As I continue my journey through the ever evolving world of record subscription services, Mississippi CSR (Community Supported Records) stands out as one of the most unique. It stands out for its unrelenting mission to support the those who have been blatantly screwed by the music industry. It can’t be easy to not be part of the industry that you really are part of – kind of.
The Mississippi CSR operates a bit differently than many other subscription services. According to their website, ” You send us any amount of money, between $68 & $300 (sorry not paypal – you actually mail us a check or cash). In exchange, we will send every Mississippi/Change Record that comes out until that amount of money is tapped out.” Once you’ve used the credit you have, you can choose to end your subscription or send another check to continue the experience.
LP’s cost between $10 and $12 with some very limited editions costing up to $13. Shipping is an additional $3.50 to $5.00. 7″ records are only $5.00.
International orders are available too, but shipping costs are higher. Because of the higher international shipping costs, you can add up to $500 to an international account and this can be done by PayPal – but Mississippi CSR is VERY clear, that PayPal is only acceptable for international orders.
If there is money left in your account that is not going to be enough for a subsequent shipment, your final record will include a check for the balance of your account.
Mississippi CSR does NOT adhere to a specific release schedule. They usually release three records per month, but have also been known to release nothing for a couple of months and then drop ten titles.
I love this statement – “If this type of chaos scares you more than it frees you, please please please do not sign up to be part of the CSR. ” Kind of sums up the philosophy behind the label.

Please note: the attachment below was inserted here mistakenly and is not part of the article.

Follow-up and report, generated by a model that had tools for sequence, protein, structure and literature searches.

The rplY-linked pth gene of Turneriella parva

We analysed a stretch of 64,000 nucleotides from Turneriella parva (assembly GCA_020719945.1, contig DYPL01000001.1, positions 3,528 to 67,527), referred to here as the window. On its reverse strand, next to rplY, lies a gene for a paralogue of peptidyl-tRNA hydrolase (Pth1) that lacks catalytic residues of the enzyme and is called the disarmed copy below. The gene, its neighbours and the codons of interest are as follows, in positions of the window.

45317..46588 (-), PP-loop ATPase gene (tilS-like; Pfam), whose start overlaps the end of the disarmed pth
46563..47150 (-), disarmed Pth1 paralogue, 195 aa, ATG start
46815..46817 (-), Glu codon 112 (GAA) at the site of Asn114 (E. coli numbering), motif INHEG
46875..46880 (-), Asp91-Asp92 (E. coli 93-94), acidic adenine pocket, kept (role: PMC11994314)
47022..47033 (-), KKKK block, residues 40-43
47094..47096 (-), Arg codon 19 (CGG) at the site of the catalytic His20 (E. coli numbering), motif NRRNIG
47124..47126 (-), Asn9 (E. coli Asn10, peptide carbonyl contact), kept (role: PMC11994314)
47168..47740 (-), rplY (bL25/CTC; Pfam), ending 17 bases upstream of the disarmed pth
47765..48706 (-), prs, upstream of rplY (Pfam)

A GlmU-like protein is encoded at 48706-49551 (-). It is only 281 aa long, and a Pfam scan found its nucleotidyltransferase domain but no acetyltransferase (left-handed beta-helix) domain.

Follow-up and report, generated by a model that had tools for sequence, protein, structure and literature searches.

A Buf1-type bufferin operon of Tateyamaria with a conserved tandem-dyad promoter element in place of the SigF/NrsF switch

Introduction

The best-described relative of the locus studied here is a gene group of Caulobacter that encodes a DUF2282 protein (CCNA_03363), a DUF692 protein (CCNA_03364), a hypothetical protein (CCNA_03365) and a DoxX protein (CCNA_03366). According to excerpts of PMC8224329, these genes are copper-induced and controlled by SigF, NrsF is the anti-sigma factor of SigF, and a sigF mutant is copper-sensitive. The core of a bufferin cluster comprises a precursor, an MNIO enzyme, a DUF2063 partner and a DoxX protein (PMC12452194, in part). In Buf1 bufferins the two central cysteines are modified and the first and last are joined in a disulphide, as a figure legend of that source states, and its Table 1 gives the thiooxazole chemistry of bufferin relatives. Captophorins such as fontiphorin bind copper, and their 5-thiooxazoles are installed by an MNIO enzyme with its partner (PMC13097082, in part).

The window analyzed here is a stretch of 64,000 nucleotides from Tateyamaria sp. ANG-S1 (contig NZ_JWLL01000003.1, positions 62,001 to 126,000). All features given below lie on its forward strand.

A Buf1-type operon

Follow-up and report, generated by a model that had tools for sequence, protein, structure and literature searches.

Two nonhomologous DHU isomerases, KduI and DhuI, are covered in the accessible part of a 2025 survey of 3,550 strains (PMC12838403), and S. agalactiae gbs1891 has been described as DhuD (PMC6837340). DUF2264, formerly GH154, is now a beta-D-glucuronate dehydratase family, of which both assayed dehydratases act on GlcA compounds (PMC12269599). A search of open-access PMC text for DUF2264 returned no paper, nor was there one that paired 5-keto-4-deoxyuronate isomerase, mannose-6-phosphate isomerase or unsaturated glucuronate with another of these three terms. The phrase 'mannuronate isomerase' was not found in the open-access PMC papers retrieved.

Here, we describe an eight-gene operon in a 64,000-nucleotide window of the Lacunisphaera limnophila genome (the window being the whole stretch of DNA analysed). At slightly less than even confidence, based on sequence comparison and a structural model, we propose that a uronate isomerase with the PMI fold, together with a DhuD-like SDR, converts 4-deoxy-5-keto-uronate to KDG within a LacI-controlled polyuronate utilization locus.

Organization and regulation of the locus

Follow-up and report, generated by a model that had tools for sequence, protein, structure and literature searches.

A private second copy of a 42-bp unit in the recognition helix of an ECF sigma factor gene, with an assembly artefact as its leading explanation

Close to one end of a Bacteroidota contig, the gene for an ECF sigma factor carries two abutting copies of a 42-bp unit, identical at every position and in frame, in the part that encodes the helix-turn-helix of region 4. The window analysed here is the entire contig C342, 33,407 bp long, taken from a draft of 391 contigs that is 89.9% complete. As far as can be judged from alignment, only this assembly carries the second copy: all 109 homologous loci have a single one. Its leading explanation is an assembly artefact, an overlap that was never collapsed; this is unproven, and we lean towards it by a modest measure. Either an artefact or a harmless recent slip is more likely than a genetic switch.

Even with all of the info on their web site, I had a few more questions so Eric from Mississippi Records kindly agreed to fill me in.
VC: From your website – “The CSR also gives you an opportunity to support our label in its mission to keep prices low, to make important cultural information available to those who care, and to support artists and their ancestors who have all too often been screwed by the mainstream record industry.”
Can you elaborate on this? I sense that there are many stories that you can share. I’m also sensing that there are some pretty significant racial issues too – is this true?
MCSR: We work completely outside the mainstream music industry and release mostly marginalized old music. The music industry has a history of exploiting artists (from every race, including poor white people) by making complicated contractual deals that end up not being in favor of the artist. Mississippi does very simple deals with artists where in we produce a small amount of records and pay the artist a one time fee for licensing on that limited edition. The contract is about half a page, or most of the time just a hand shake. Mississippi does not want to own the rights to anyone else’s music. So – no exclusivity, no digital rights, and no loopholes.